Francis B. Cooke

by Les

Euryanthe

The man left in charge of Frank’s boat pointing her out to him.

Francis B. Cooke took up sailing as a young man. He was born in England in June 1872 (or perhaps 1873: I’ve seen both years), and acquired his first sailing vessel, a bare hull two feet long, about ten years later. This vessel (acquired in exchange for a single roller skate missing one wheel, a catapult, and a pregnant white mouse) he named Arrow. With little income, the young Frank managed to rig his boat as a schooner modeled on the America, and sailed it successfully on several ponds until it sank in deep water.

He then had to do without sailing until he left school and went to work for a bank at age seventeen. He saved every penny he could, and soon had enough to buy a real boat. He spent all of ten pounds on a small dinghy rigged with a single lugsail. He and a friend (who had experience sailing) took it sailing at Kingston on Thames on a February day with a brisk southwest wind blowing. It took them only minutes to capsize and sink the boat, leaving two young men in overcoats swimming for shore.

After that experience Frank decided to teach himself sailing: he could capsize effectively without help. But he managed to learn how to sail that boat without any more capsizes, and sought more distant waters and larger boats.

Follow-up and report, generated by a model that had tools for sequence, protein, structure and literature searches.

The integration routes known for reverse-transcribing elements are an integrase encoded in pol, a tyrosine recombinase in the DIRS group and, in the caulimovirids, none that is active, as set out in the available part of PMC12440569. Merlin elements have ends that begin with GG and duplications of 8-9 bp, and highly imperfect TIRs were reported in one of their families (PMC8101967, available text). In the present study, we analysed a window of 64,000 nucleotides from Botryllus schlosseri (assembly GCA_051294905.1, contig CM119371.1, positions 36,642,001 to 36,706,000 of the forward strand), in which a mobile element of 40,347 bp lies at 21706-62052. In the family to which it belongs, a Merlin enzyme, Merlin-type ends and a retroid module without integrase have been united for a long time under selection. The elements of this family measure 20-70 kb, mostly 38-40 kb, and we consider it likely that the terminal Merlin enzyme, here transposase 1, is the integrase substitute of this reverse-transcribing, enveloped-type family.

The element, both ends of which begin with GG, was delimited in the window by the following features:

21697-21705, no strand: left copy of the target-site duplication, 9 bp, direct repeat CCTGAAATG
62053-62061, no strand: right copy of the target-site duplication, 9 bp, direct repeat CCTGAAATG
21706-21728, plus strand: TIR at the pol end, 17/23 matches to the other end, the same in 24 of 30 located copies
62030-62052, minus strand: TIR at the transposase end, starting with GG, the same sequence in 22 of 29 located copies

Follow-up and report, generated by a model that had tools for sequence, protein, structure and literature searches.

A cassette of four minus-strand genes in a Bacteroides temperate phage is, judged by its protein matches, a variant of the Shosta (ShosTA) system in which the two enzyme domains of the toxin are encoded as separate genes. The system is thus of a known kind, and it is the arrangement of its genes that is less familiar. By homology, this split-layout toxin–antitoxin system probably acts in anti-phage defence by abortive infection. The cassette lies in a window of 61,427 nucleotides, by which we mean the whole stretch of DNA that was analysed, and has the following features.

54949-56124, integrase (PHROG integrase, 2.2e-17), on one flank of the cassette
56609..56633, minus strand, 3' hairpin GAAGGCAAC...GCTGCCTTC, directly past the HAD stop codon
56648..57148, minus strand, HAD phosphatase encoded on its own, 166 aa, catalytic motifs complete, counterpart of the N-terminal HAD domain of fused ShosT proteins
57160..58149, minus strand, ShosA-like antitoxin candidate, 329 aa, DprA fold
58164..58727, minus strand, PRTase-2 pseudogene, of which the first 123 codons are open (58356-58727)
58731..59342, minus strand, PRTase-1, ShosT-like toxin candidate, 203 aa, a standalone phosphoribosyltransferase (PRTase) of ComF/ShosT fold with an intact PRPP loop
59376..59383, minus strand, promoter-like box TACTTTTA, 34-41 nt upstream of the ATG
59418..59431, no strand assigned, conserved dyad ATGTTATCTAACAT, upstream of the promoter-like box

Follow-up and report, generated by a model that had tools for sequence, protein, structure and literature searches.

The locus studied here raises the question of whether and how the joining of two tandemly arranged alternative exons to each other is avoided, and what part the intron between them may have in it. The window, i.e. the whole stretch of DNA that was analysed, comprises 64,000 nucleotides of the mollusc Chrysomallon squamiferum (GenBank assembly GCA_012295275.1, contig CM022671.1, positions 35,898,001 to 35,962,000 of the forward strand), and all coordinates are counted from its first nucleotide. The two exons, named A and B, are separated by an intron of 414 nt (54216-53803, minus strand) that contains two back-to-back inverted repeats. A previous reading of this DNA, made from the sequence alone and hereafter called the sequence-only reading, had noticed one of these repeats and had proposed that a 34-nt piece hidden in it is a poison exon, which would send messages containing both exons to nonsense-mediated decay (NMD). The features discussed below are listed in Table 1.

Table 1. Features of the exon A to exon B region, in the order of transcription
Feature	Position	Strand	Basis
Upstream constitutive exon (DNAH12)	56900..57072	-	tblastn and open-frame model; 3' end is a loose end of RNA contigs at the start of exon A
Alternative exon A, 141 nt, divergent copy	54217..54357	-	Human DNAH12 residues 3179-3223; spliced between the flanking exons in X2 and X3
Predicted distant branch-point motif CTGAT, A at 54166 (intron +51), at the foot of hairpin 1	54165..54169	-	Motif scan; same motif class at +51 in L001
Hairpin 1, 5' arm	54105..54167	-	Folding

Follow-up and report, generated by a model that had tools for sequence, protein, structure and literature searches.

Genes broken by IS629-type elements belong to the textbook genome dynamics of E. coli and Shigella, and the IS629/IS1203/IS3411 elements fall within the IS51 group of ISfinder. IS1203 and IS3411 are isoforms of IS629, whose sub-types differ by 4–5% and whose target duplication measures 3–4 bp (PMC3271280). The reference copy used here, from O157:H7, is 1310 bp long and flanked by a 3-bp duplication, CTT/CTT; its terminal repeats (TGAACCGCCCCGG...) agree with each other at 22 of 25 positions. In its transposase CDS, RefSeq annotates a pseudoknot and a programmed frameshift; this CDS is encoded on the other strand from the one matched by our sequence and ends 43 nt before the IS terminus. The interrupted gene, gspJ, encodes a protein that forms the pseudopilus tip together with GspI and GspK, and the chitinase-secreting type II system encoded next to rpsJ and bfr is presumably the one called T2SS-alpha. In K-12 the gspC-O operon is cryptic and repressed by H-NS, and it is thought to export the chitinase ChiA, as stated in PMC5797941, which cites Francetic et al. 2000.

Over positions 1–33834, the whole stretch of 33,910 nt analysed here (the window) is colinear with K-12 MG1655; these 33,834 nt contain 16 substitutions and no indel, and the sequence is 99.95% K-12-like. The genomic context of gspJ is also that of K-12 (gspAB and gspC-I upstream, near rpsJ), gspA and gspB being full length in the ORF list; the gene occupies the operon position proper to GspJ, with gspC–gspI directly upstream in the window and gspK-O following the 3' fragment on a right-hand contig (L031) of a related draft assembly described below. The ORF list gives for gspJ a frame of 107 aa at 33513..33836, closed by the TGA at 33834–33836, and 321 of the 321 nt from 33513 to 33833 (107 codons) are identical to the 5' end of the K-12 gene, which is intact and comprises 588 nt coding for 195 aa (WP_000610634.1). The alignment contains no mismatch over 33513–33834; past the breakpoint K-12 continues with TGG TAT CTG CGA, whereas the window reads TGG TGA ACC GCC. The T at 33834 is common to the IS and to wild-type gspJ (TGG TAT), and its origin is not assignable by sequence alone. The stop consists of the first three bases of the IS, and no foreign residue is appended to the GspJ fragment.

After several adventures as crew and part owner on a succession of unseaworthy craft in the tidal reaches of the Thames, Frank bought a shapely, well-equipped cutter of 24 feet hull length named Euryanthe for thirty pounds. While Euryanthe sailed quite well, he soon found out that the large soup tureen supplied with her was most useful as a bailer. After the first weekend of sailing, he left her at her anchor. Next weekend he found her under water, with just the top of her mast showing (see picture above). He had her refloated, but after one more sail in her he was greatly relieved to hear that his boat had been run down and sunk by a barge. He salvaged the spars and sails, and sold the remaining wreckage as firewood for ten shillings.

That was the first of a long succession of sailing boats Francis B. Cook sailed around the southeast coast of England. The last was the Iolanthe, a 2.5 ton Blackwater Sloop, built in 1937. He retired from the bank in 1931, but continued to sail for more than thirty years after that. He reported that he did not feel confident enough to sail in open water by himself after 1960, and that he did not feel capable of sailing singlehanded after he turned ninety. He died in 1974 at the age of 102.

More on this interesting man later.

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